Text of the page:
New York, NY, Green Cleaning Act, 2005
This law requires that a pilot program for green cleaning products be implemented to study the feasibility of a green cleaning program. The pilot should be completed within three years and result in a feasible cleaning program to be effective June 1, 2009.

Chicago, IL, Low Environmental Impact Cleaning Policy, 2004
This order requires that the city use concentrated cleaning products that meet criteria set forth by the Green Seal Standard for Institutional Cleaners (GS-37).


Illinois Cleaning Schools Act, 2007
This act requires that all elementary and secondary public and non-public schools with 50 or more students establish green cleaning policies.

Chicago Public Schools, Green Cleaning Policy, 2005
The Chicago Public Schools adopted the Green Cleaning Policy to eliminate hazardous substances that may deter health, attendance and performance in schools. Products must meet requirements of the Green Seal standard or California VOC limitations.

New York State Public Schools, Green Cleaning Act, 2005
New York was the first state to enact a green cleaning law for schools. The act outlines a list of required green cleaning guidelines and standards established by the state to be used in elementary and secondary schools.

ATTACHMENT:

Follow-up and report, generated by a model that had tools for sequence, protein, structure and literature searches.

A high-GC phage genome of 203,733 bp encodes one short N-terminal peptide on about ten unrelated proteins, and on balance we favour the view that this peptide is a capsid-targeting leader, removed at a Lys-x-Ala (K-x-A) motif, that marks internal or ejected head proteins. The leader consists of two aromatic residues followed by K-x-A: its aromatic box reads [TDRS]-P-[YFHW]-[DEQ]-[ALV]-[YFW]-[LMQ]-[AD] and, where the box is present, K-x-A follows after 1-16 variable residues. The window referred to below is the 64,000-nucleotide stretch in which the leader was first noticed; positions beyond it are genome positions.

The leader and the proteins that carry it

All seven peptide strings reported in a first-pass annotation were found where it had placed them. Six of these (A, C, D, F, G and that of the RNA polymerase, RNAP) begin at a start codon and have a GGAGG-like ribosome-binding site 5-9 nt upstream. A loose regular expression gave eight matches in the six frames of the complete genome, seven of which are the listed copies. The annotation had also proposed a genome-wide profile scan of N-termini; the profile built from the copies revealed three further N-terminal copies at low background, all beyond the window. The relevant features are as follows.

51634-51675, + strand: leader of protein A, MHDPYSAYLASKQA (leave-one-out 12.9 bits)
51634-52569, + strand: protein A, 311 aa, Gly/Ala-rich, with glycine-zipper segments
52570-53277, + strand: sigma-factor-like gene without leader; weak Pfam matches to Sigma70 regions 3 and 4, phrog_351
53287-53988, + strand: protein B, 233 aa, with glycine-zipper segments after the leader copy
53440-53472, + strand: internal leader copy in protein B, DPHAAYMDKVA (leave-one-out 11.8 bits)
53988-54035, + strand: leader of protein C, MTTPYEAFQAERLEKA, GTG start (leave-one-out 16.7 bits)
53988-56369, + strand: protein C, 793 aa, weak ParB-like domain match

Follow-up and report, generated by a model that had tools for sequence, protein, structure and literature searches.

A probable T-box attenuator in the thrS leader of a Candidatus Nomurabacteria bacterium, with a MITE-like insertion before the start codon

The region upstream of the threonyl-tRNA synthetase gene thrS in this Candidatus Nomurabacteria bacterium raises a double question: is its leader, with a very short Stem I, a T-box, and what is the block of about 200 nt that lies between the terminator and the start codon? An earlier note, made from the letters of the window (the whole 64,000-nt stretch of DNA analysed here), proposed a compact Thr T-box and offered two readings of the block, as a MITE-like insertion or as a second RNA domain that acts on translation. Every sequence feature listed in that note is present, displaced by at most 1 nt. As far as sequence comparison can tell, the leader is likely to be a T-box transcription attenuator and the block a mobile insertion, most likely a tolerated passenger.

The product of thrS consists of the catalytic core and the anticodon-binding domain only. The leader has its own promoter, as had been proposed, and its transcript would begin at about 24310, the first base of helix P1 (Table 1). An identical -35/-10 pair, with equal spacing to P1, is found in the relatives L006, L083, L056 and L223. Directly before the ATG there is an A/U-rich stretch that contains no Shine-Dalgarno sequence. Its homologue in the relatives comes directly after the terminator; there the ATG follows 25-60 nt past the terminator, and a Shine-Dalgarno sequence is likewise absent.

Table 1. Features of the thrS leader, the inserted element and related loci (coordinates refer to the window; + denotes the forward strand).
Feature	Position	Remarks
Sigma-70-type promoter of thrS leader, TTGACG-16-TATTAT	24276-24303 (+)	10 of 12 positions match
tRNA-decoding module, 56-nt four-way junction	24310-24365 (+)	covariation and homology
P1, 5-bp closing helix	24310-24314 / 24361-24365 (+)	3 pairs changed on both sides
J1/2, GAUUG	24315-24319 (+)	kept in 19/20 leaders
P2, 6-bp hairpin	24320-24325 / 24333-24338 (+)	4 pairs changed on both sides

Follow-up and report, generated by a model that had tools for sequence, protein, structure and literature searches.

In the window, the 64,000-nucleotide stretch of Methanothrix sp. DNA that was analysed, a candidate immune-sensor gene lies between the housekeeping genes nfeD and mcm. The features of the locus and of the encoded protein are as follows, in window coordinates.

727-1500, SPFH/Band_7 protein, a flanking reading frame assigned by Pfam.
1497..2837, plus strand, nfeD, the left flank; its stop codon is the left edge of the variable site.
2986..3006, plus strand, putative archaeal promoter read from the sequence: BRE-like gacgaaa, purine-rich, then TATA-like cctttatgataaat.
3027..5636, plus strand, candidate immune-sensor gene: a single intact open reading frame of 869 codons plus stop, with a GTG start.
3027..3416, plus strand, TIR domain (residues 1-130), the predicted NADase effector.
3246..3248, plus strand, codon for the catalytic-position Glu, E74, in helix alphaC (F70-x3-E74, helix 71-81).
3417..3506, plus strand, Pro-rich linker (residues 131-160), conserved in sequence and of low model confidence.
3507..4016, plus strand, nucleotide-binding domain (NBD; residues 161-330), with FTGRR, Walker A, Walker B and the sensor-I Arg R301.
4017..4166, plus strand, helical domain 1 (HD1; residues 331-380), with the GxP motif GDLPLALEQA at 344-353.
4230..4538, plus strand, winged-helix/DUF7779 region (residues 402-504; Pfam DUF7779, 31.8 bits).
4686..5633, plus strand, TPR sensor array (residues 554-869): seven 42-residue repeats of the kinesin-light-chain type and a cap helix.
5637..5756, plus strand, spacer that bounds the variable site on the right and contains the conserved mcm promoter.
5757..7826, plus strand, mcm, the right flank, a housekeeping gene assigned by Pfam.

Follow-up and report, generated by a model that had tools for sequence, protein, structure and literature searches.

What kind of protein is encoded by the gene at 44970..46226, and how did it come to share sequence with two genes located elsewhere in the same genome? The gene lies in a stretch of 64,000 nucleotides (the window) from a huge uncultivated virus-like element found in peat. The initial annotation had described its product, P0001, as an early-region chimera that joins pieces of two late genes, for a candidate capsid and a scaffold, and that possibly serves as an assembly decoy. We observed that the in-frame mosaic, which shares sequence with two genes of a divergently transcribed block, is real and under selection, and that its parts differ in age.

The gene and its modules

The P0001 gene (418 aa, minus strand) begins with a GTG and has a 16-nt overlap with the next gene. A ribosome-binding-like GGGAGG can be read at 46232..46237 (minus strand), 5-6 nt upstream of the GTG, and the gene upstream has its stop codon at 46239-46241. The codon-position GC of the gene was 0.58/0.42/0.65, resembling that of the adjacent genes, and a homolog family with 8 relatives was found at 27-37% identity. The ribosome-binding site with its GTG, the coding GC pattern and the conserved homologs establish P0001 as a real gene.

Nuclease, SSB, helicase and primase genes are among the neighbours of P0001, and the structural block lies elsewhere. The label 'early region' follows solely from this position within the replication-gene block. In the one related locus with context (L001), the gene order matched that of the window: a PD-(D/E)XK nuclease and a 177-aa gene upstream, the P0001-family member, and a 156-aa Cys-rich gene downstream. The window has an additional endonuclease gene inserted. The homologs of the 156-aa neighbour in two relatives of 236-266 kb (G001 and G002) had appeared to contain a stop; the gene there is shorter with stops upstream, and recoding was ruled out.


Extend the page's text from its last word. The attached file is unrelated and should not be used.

Comprehensive Procurement Guidelines, 2004
The Comprehensive Procurement Guideline Program was designated by the EPA to ensure the use of recycled material in the manufacturing of new products. It details a list of 8 product areas and practices for buying these products and suggested suppliers of these products. The paper and paper products category provides recommended recovered fiber content levels for commercial and industrial sanitary tissues such as paper towels, bathroom tissue, general purpose industrial wipers and paper

Farm Security and Rural Investment Act, 2002
This bill established a mandatory bio-based products purchasing program for all Federal Agencies. A designated list of bio-based products was developed by the U.S. Department of Agriculture (USDA) and is located in Section 9002. Paper, packaging, solvents and cleaners are included in this list. The Farm Security and Rural Investment Act of 2002 were reauthorized in the Food Conservation and Energy Act of 2008.


University Health Network Green Procurement Policy, 2006
The University Health Network is comprised of three hospitals located in downtown Toronto. This policy pushes for the use of products with recycled and minimal packaging. Vendors are required to specify the quantity and type of hazardous materials present with Material Safety Data Sheets (MSDS). This policy references the Environmental Choice Program (today known as EcoLogo) and Green Seal and explicitly calls for post-consumer recycled content packaging.


Corporate Express Sustainability Policy, 2008
Corporate Express is a Staples company that provides customers with a range of office products, including supplies, technology, furniture, and business services. This policy states the various ways Corporate Express pursues sustainable practices. Many of the commercial cleaning products provided by this company are certified by the US Environmental Protection Agency’s Design for the Environment (DfE) program and Green Seal.